How Cookie Restrictions Solve Key Data Privacy Issues and Offer a Great Opportunity for More Quality
By Filippo Gramigna, CEO at Audiencerate
For businesses that have operated with personal data as their bedrock, recent developments that have contributed to the demise of the cookie have been understandably earth-shaking. Due to heightened privacy-led restrictions, identifiers as we know them are changing or even disappearing, impacting cross-domain and cross-app targeting.
This change, however, is likely for the better.
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The digital marketing industry is entering the privacy-first era, where businesses must commit wholeheartedly to keeping trust and compliance at the center of their operations. Although this different approach might be disconcerting for some, a range of valuable solutions are emerging, which will enable marketers to tap the data insights they need and continue connecting with specific audience segments. With innovative tools grounded in first-party data, the industry can bridge the gap between data providers, agencies and brands, while progressing its privacy-conscious journey toward more effective and efficient advertising.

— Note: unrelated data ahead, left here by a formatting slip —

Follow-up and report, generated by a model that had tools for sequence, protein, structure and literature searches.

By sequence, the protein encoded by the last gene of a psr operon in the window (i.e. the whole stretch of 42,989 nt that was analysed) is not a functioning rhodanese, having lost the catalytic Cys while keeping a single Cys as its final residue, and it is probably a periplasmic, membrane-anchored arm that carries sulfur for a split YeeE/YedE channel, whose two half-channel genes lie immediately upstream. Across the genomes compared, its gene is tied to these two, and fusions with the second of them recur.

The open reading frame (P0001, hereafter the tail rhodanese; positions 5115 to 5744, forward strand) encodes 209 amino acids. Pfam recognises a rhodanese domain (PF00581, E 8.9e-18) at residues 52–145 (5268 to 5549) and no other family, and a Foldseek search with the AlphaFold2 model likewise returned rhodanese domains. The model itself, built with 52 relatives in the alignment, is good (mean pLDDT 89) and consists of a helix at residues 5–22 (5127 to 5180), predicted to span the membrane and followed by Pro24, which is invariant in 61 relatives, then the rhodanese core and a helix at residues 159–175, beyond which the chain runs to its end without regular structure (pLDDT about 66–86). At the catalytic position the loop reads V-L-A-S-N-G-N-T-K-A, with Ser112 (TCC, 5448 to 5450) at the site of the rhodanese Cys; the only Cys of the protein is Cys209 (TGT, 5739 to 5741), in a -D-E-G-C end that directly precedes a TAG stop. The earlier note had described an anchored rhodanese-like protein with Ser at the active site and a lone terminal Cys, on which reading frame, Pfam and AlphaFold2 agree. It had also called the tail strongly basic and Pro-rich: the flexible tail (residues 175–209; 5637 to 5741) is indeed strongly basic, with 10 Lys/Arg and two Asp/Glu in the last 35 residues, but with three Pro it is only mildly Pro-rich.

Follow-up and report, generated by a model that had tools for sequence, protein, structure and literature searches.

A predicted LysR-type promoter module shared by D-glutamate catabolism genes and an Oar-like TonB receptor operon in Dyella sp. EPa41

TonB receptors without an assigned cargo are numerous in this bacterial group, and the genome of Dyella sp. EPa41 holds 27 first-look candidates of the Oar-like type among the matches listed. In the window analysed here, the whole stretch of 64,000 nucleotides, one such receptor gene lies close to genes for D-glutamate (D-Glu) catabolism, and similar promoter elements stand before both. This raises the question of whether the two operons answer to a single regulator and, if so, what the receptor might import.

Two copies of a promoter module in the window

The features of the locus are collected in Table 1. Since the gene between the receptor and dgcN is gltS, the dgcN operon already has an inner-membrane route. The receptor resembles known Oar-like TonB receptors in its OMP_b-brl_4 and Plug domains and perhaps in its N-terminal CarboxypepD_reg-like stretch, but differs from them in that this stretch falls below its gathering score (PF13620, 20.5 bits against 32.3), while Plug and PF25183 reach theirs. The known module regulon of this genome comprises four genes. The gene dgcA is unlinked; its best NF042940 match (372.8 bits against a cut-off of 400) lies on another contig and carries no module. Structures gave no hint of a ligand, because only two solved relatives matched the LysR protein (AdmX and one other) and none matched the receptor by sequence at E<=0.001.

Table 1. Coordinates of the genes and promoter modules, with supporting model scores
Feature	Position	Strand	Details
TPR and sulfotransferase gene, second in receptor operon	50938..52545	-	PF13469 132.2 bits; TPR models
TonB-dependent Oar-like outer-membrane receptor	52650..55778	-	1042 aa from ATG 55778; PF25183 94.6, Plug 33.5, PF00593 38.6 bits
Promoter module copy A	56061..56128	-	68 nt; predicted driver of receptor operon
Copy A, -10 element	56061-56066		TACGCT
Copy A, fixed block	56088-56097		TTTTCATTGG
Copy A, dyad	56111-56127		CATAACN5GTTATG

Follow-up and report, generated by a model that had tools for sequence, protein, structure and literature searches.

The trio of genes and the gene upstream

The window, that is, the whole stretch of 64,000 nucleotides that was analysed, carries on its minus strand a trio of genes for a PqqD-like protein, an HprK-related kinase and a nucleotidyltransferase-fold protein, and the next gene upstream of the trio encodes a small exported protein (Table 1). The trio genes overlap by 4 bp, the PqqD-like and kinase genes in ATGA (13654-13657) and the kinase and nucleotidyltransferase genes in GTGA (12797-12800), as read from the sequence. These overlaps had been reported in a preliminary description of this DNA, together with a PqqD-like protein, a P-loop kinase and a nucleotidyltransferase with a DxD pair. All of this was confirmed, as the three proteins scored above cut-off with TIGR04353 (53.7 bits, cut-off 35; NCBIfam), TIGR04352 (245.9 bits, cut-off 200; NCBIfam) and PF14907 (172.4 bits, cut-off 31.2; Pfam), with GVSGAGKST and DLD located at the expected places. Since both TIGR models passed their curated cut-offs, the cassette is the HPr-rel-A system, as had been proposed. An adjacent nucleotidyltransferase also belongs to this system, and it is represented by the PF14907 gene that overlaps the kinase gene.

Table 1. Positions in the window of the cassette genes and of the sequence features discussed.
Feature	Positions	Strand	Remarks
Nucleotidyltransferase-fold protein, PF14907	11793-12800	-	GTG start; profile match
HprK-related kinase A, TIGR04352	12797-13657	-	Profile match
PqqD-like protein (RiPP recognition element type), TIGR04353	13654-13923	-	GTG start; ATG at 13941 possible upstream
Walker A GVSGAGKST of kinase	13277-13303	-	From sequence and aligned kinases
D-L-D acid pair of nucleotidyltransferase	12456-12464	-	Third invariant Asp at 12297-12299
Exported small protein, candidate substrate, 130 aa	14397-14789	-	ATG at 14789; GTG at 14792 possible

As the restrictions on cookies continue to rise, let’s take a deeper look at the potentially positive impacts this has on current developments on the industry.
1. First-party identifiers to increase data quality
From heightened precision to cross-device targeting, first-party IDs offer access to quality data that increases the impact of digital campaigns. Businesses can take steps to leverage enriched first-party data, provided with consent from consumers, and activate it across channels.